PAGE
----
Apple has released its biannual transparency report for the period of January to June 2017, which details how frequently it gets requests for customer data from governments, and other private parties. And with more than a billion iOS devices active around the world, the report shows how governments are increasingly looking to Apple to gain information about people.
Last year, in the period between January 1 and June 1, the Indian government requested information on 18 accounts. This number has increased to 23 in 2017. And out of the total, Apple claims to have provided no data for two of the requests, whereas it provided “non-content data” against 21 of these requests. Apple classifies non-content data as subscriber or transactional information. In other words, as compared to 89 percent of account requests made by the Indian government where data was provided in 2016, the requests have gone up to 91 percent in 2017.
Apple defines the number of account-based requests as a request received from a government agency seeking customer data related to specific Apple account identifiers, such as Apple ID, email address, full name and telephone number. Apple says, account-based requests can be in various formats such as subpoenas, court orders or warrants. Apple counts each individual request received from each country, and report the total number of requests received by a country. ALSO READ: Apple approaches TRAI over DND app that accesses private messages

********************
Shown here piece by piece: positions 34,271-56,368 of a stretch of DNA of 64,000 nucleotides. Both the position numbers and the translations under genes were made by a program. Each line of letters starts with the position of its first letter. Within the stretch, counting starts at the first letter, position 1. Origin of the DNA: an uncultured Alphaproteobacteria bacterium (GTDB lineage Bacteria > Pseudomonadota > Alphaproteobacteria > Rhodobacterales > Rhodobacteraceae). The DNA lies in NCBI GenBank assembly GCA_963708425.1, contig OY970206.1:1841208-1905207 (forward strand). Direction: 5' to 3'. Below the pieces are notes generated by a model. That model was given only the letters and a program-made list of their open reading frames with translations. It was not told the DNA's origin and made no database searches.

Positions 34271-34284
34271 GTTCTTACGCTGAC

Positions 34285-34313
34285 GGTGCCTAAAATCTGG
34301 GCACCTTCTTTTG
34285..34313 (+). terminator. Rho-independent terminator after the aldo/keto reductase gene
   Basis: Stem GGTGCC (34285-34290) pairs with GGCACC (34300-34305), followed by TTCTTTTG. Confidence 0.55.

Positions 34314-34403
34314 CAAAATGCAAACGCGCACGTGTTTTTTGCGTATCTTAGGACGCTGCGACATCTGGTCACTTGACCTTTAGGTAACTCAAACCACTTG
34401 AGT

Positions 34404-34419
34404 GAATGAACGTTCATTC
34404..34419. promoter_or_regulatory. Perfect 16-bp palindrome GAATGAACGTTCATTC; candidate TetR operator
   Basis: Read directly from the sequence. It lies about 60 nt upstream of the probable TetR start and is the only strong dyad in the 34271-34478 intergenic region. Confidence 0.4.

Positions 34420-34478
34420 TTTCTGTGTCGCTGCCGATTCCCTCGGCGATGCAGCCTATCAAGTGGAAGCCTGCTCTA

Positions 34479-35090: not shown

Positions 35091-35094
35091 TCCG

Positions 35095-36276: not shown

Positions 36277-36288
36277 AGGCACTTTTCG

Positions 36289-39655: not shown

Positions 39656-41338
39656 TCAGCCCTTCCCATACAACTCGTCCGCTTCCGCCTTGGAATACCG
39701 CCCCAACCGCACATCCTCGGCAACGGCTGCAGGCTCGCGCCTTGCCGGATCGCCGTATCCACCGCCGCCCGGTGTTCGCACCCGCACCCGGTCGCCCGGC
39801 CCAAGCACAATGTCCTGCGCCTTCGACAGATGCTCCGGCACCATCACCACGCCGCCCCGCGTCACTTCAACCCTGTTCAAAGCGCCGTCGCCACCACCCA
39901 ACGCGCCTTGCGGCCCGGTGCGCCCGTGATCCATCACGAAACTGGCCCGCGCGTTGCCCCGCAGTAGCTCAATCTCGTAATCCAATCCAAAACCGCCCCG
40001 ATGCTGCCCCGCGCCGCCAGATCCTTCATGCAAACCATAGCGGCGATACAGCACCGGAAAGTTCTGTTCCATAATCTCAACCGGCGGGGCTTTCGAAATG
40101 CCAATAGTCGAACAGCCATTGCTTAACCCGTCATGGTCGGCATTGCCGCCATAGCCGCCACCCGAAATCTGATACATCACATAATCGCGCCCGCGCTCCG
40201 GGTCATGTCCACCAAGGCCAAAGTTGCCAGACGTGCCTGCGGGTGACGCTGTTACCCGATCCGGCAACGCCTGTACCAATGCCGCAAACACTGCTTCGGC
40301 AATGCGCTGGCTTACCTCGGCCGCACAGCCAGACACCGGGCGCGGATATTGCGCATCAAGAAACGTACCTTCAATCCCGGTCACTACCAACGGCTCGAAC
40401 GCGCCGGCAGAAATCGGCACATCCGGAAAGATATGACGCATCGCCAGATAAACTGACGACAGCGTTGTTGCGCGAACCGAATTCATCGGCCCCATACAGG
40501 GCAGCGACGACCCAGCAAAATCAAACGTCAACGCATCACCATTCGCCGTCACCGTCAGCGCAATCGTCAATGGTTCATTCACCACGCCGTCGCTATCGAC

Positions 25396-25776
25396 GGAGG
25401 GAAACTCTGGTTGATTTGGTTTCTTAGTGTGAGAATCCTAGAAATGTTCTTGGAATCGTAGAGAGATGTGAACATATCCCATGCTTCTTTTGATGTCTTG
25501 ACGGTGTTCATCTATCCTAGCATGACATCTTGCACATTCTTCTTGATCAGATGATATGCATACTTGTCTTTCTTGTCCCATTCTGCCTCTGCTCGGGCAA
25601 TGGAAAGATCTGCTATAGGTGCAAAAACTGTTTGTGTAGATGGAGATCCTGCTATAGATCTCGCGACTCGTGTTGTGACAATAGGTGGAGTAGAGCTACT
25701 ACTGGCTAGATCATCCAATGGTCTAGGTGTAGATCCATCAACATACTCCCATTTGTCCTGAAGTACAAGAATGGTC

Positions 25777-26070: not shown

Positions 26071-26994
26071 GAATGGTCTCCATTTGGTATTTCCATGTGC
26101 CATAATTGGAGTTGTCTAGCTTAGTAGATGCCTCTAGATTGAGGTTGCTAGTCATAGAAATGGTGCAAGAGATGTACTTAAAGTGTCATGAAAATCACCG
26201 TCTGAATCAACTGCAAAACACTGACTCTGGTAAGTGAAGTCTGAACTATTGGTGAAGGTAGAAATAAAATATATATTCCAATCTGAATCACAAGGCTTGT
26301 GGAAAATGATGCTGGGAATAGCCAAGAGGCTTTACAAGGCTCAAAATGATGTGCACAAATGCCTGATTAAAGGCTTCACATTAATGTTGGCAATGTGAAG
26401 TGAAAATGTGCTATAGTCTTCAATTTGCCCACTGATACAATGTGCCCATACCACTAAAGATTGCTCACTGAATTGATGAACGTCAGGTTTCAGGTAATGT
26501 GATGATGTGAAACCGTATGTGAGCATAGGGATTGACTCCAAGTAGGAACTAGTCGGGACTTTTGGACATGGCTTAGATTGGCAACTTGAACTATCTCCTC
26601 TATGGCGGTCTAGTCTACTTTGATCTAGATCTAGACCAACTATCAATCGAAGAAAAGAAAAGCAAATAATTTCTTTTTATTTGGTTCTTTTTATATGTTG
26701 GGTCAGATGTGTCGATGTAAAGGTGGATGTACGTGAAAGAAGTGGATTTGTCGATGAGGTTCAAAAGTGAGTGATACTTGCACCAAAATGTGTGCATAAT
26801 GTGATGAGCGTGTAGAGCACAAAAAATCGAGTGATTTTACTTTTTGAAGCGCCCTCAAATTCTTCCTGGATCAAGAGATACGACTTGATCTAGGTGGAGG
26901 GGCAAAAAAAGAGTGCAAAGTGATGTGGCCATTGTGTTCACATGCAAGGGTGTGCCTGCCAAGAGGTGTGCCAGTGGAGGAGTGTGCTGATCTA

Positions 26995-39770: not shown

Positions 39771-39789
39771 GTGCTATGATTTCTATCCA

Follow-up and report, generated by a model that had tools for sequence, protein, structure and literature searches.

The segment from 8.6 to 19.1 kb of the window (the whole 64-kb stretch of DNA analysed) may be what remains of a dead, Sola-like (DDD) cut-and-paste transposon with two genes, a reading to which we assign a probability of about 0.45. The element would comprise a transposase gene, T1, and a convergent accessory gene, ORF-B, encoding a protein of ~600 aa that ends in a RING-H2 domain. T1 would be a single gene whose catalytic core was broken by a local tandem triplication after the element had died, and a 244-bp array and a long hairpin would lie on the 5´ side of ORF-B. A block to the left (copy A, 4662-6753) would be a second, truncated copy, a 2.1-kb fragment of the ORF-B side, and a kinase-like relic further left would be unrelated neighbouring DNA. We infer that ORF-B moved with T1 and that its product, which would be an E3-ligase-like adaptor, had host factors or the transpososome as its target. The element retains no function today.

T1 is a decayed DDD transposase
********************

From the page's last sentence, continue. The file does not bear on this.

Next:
Along with the total number of account requests, Apple also provides data on a range of categories covering government requests for emergencies such as missing children, requests related to stolen devices, fraud requests, account deletion/restriction requests, civil non-government cases and account preservation requests, all of which can be viewed in the report.
Interestingly, the report adds that a new record was set by the US government, which submitted more national security requests than ever before. According to the report, in 2017, Apple received 13,250-13,499 national security requests from the US government, which led to affect between 9,000 and 9,249 people using Apple’s devices. That’s more than double the number of requests Apple reported for the last half of 2016. ALSO READ: Apple Music crosses 30 million paid subscribers, says that isn’t enough for competition: Report